Canet Plage 21 September 1942

When Seawolf arrived at Canet Plage two nights later, with Wilkie (902), Goulden (903) and Owen (905) already on board, in addition to those named above, she also collected :
Five men who had escaped from Fort de la Rivere on 25 August : F/Lt Frederick Higginson (872) F/O Brian Hawkins (879) F/Lt M G Barnett (887) Sgt Derrick Nabarro (891) and Sgt Henry Hickton (894) - eight RAF evaders : S/Ldr Harold Outram (864) P/O Leslie Wilson (880) F/Lt Henry Holliday (881) P/O R E W Wood (882) Sgt Gilbert Foster (883) F/Lt Gordon Fisher (889) Sgt Ellis Charman (892) and Sgt Francois Kula (901) - and three French Canadian soldiers who escaped from a train after capture at Dieppe : Pte Conrad Lafleur (884) Pte Robert Vanier (885) and Pte Guy Joly (886).

Fort de la Rivere escapers embarked from Canet Plage 12 October 1942 - Operation Rosalind

Sgt Douglas Walsh RAF (915) says it was Whitney-Straight who gave the escapers the addresses they were to go to, although this seems unlikely as Whitney-Straight had escaped in June from the Pasteur Hospital at Nice and was collected from St Pierre Plage near Narbonne by HMS Tarana the following month. Walsh's party – Sgt Alan Mills (929), Sgt Leslie Pearman (928), Cpl Arnold Howarth (933) and Dvr Francis McFarlane (970) - left at 1920 hrs and spent three days in the mountains before reaching the monastery at Laghet where they had been told that the Abbe would help them. However he was too frightened and it was a young farmer called Claude, who worked land adjoining the monastery, and an Italian who worked with him, that gave them food and shelter. Walsh gave Claude the address of the garage in Nice and contact was made with Anthony Friend, an Australian working with the Monaco police. Meanwhile, they were joined by Gnr John Moran (957), Pte Robert Cameron (960) and Pte Duncan Livingstone (962).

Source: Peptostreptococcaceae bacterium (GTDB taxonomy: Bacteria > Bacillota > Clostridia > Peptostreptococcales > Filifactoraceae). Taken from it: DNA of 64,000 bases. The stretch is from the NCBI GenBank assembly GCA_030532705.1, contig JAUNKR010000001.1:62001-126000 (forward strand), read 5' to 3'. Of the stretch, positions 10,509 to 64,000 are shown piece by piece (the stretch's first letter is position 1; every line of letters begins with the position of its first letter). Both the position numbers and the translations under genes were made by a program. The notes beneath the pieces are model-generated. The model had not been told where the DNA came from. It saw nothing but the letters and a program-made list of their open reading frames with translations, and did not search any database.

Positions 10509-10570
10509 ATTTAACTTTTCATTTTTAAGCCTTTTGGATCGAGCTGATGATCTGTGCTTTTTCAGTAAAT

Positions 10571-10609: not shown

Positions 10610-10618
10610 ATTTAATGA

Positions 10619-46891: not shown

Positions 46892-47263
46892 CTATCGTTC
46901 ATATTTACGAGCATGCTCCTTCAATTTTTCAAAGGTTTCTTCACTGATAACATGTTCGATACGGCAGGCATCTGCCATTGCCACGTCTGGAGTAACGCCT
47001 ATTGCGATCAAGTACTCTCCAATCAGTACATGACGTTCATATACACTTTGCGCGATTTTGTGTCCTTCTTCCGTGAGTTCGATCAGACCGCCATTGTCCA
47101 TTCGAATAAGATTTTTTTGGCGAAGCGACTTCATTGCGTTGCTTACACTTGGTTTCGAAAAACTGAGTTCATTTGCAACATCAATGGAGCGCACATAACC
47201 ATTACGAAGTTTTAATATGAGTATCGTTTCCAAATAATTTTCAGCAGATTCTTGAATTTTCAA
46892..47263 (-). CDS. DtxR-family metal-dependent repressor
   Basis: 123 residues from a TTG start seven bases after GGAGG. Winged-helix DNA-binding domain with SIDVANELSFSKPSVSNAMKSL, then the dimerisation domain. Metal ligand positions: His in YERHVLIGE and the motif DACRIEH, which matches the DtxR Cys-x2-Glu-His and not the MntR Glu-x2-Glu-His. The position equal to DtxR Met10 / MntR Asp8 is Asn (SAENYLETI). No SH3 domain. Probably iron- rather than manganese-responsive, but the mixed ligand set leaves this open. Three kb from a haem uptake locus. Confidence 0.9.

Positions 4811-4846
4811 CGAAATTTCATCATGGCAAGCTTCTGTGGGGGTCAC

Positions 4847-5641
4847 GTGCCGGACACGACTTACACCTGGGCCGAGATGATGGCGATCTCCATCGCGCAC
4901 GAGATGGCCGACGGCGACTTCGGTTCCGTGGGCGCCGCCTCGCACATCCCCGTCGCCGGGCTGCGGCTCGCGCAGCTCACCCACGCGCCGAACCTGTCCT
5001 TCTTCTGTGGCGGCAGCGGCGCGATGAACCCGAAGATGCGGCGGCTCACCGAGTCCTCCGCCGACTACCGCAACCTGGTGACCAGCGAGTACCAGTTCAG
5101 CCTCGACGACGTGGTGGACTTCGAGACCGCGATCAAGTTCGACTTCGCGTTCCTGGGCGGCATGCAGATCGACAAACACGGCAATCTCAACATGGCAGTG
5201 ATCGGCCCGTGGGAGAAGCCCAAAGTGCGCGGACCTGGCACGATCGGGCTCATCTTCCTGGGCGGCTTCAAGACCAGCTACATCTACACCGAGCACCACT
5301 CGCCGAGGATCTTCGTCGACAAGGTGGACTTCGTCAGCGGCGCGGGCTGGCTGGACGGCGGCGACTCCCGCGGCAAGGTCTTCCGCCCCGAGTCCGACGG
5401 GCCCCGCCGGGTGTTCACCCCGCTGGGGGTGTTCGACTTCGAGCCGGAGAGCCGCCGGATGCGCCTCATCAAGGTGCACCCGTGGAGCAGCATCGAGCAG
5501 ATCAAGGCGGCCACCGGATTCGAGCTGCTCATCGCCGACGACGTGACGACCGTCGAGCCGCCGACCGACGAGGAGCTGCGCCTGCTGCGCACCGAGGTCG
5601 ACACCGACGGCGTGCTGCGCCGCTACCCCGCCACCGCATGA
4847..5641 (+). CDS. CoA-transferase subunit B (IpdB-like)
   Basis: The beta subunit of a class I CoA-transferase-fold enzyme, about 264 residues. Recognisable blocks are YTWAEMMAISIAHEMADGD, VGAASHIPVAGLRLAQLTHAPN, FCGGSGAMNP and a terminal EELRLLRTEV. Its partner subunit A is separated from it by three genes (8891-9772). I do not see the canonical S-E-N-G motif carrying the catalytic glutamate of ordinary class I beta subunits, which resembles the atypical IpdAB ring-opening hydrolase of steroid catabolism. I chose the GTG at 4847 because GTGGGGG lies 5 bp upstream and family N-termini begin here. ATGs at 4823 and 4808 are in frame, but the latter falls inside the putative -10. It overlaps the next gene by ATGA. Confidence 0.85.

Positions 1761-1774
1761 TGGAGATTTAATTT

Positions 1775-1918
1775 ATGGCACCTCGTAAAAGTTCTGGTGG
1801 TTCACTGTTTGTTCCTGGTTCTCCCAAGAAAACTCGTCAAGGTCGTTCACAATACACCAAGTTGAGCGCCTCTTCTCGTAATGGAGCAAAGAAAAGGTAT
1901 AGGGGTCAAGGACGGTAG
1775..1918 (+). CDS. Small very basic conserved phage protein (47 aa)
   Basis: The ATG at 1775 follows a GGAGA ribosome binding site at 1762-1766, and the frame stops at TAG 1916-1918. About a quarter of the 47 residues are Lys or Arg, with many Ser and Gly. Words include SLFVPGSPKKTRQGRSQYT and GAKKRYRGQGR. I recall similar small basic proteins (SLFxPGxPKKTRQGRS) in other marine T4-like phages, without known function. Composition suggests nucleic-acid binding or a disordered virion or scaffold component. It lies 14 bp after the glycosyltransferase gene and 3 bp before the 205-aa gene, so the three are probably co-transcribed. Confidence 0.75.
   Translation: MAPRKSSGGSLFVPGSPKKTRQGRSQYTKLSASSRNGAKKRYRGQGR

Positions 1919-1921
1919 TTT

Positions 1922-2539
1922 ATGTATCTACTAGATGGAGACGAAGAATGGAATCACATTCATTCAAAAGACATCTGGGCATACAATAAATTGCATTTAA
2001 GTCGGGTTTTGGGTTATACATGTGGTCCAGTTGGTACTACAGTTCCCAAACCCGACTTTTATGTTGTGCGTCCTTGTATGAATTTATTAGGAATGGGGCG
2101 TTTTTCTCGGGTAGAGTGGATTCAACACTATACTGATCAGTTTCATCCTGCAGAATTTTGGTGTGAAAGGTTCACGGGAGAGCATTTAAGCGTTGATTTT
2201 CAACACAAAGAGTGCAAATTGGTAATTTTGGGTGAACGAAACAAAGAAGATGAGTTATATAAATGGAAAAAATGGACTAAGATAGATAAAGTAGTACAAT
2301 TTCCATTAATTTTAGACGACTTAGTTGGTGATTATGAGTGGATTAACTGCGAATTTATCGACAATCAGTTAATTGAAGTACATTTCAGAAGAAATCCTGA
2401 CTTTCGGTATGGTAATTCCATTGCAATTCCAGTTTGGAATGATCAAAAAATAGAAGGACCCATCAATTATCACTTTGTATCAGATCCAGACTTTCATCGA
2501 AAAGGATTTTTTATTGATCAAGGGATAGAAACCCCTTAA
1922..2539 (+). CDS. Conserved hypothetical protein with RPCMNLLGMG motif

On 11 September, an unnamed Frenchman sent a guide to bring them from Laghet to Monte Carlo where they (but not Pearman) stayed with hairdresser, Mme Guiton. Meanwhile, Tony Friend contacted Pat O'Leary and on 22 September, O'Leary took them to Marseille. After two days at Louis Nouveau's apartment (where they are recorded as visitors 128, 130 and 131) Cameron, Mills and Walsh were taken to Toulouse to be sheltered by Paul and Imelda Ulmann (presumably in the villa at 39 rue Pierre Cazaneuve which Paul Ulman rented especially for that purpose). On 3 October, they were brought to Canet Plage where they stayed (at the Hotel du Tennis) until boarding Seawolf on 12 October.
Sgt Alan Mills RAF (929) escaped with Walsh (915), Pearman (928), Howarth (933) and MacFarlane (970) but recalls events slightly differently. They had instructions to go to the Monastery Laghet, which they reached on the morning of 7 September after a night in the hills. However they received no help there and so stayed another three days in the hills under the care of a young French worker who contacted the organisation on their behalf. On 10 September, a guide led them across the mountains to the home of Mme (Germaine) Serocold on the golf links near Monte Carlo. Mme Serocold gave them a good meal and at 0400 hrs (11 September) they went on to Roquebrun (Roquebrune-Cap-Martin) where Mills says that Pearman remained (see later) while the rest of the group went to a block of flats in the rue Marechal Petain (formerly rue Grande Bretagne). They were lodged in an empty flat and looked after by Mme Guiton and an Australian named Friend. On 22 September, Mills left with Doug Walsh (915) and Pte Robert Cameron (960) for Marseille where they stayed with Louis Nouveau (as visitor numbers 128, 130 and 131) for two days before going on to Toulouse. On 3 October, they were taken to Canet Plage with Pte James Smith (954) where Mills (and presumably the others) stayed until embarking for Gibraltar on 12 October.
Sgt Leslie Pearman RAF (928) confirms they had instructions to go to the Monastery Laghet, which they reached on the morning of 7 September after spending a night in the hills. Unfortunately they received no help there and so stayed another three nights in the hills, looked after by a young French worker. With the latter's help, they were picked up by the organisation and on 10 September, taken over a mountain pass to Monte Carlo. While the others were moved elsewhere (see Mills) Pearman was sheltered with M et Mme Bos de Glarelial at 40 Boulevard d'Italie, Monaco where he stayed until 24 September. After eight more days at another flat, Pearman was taken (with others) to Marseille and Louis Nouveau's apartment, where he is recorded as visitor number 139, arriving on 2 October. Two days later, O'Leary “directed” him and others to Canet Plage, where they stayed until 12 October.